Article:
“Cowboys and Aliens” enjoys a pedigree that most movies can only dream of. An incredible cast, a hot director, and a highly sought-after writing team including Damon Lindelof, Roberto Orci, and Alex Kurtzman. At the beginning of the year, it seemed almost impossible that this type of quality talent could turn out anything less than a spectacular action film and yet the end result excels in only a few moments and becomes stagnant in many others. It all boils down to the fact that there’s not much done with the concept as a whole. The story isn’t so much cliché as it is just a rather bland infusion of Old West and sci-fi. The aliens look the way you’d expect aliens to look, the cowboys act the way you’d expect them to act, and the arrival of the Indians just throws the whole film into a frenzy of Western generalities. There’s absolutely nothing new in “C&A” and that causes the film to bog down when it should build momentum. Lonergan and Dolarhyde move from a fight with one group of people to a fight with another group of people and there’s very little room for development beyond some mediocre flashbacks that feel more “C.S.I”-like than I’d really care for in a major motion picture. The script is neither consistently humorous nor particularly gritty or edgy which leaves the film to tread water in the middle of a fairly shallow pool of mediocrity. I would also say that the combination of the two genres is a bit rocky; Favreau builds a pretty solid base for a traditional Western in the first 15 minutes and then suddenly the aliens arrive and throw everything off. Honestly, in spite of being a huge sci-fi fan, I would have probably preferred to see Craig and Ford in a Favreau Western than I would in a rough combo film like this one is. And while most of the actors hold their own, Wilde continues to vex me. I don’t understand her or her appeal. Clearly she’s extremely attractive and I wouldn’t call her a bad actress but I am never affected by any of her performances. That’s no different here as she just embodies the blandness of the film as a whole.
That’s not to say that there isn’t a lot to like about “Cowboys and Aliens.” Craig and Ford are both excellent and perhaps even more important, as a friend of mine said, neither of their performances brings to mind their previous, more iconic roles. This isn’t James Bond and Indiana Jones riding around in the Old West and the fact that they avoid that trap is a testament to both their abilities and the ability of Favreau as a director. I might argue that this is the best Ford has been in many, many years but then you would counter with the fact that he hasn’t had a meaningful role in many, many years. Touché. Seriously, though, “C&A” serves as a reminder that Ford is still a very capable, charismatic actor who deserves better than middling rom-coms like “Morning Glory” or childhood-erasing disasters like the fourth “Indiana Jones” movie. Rockwell provides solid comedic relief though considering the overall humorlessness of the film he almost seems out of place. The action sequences are all very good and the infusion of CGI and special effects is seamless (even if the aliens themselves are somewhat lackluster). And it is, if nothing else, wholly entertaining, the base component of any summer blockbuster.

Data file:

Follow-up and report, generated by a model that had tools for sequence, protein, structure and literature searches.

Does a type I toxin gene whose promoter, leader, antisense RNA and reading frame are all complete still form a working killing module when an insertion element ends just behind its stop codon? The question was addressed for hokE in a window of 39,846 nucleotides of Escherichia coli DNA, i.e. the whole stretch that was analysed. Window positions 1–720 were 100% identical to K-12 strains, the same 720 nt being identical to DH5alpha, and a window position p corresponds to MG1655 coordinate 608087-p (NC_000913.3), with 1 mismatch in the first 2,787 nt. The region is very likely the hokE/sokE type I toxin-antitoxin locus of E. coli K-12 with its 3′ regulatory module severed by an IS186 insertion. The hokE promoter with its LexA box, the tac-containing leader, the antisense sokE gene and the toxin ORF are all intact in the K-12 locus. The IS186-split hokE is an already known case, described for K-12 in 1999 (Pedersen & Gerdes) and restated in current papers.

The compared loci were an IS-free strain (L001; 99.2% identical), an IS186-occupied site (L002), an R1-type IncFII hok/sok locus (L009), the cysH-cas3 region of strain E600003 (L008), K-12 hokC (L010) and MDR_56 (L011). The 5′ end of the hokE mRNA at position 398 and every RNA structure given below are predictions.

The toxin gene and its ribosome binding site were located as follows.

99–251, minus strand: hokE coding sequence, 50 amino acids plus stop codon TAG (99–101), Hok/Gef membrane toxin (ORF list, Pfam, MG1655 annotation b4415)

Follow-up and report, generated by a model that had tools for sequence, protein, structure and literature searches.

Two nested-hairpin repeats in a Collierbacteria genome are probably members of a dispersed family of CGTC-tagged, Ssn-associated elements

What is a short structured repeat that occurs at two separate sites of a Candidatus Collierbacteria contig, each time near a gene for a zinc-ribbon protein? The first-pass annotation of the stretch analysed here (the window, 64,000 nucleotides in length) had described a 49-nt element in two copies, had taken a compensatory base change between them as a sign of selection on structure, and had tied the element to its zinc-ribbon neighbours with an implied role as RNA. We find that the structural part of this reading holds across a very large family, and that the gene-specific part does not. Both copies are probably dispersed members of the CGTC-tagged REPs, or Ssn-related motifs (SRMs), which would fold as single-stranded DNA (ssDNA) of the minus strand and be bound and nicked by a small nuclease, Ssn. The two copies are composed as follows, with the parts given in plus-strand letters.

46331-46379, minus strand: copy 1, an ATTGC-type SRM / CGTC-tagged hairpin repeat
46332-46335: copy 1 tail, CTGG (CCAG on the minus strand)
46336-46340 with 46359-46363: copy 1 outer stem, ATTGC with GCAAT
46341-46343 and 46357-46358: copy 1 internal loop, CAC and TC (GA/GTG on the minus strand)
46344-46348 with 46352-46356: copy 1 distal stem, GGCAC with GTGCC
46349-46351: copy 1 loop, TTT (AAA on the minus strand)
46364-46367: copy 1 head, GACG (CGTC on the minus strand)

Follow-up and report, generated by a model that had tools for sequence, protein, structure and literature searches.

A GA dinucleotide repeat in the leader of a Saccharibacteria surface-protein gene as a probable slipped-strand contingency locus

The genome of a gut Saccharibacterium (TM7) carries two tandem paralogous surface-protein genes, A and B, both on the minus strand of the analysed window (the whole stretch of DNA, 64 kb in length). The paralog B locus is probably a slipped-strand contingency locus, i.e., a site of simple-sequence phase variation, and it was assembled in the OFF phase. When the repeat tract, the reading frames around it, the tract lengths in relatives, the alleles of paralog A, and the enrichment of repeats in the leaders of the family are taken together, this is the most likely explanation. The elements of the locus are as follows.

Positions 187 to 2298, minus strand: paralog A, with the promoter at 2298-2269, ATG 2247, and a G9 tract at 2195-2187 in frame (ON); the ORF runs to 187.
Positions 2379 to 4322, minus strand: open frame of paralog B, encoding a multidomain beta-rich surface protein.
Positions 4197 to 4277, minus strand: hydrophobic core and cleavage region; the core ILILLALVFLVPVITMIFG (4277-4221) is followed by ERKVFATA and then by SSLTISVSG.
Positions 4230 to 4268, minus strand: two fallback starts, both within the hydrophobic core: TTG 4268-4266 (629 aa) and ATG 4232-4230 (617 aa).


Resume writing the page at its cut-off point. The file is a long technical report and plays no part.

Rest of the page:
“Cowboys and Aliens” has some value and certainly provided me with an enjoyable afternoon in the middle of a busy work week. I would also hold out hope that it could lead to some better roles for Ford and a rejuvenation of his magnificent career. Yet it seems to be simply uninspired and that takes away from the immense fun I expected to get from a film as boldly titled as “Cowboys and Aliens.”
I’ve found that "B-" films are the hardest to write about,
For a deeper look at the "could have been better as a Western" thought I expressed above, check out the coverage by Anomalous Material.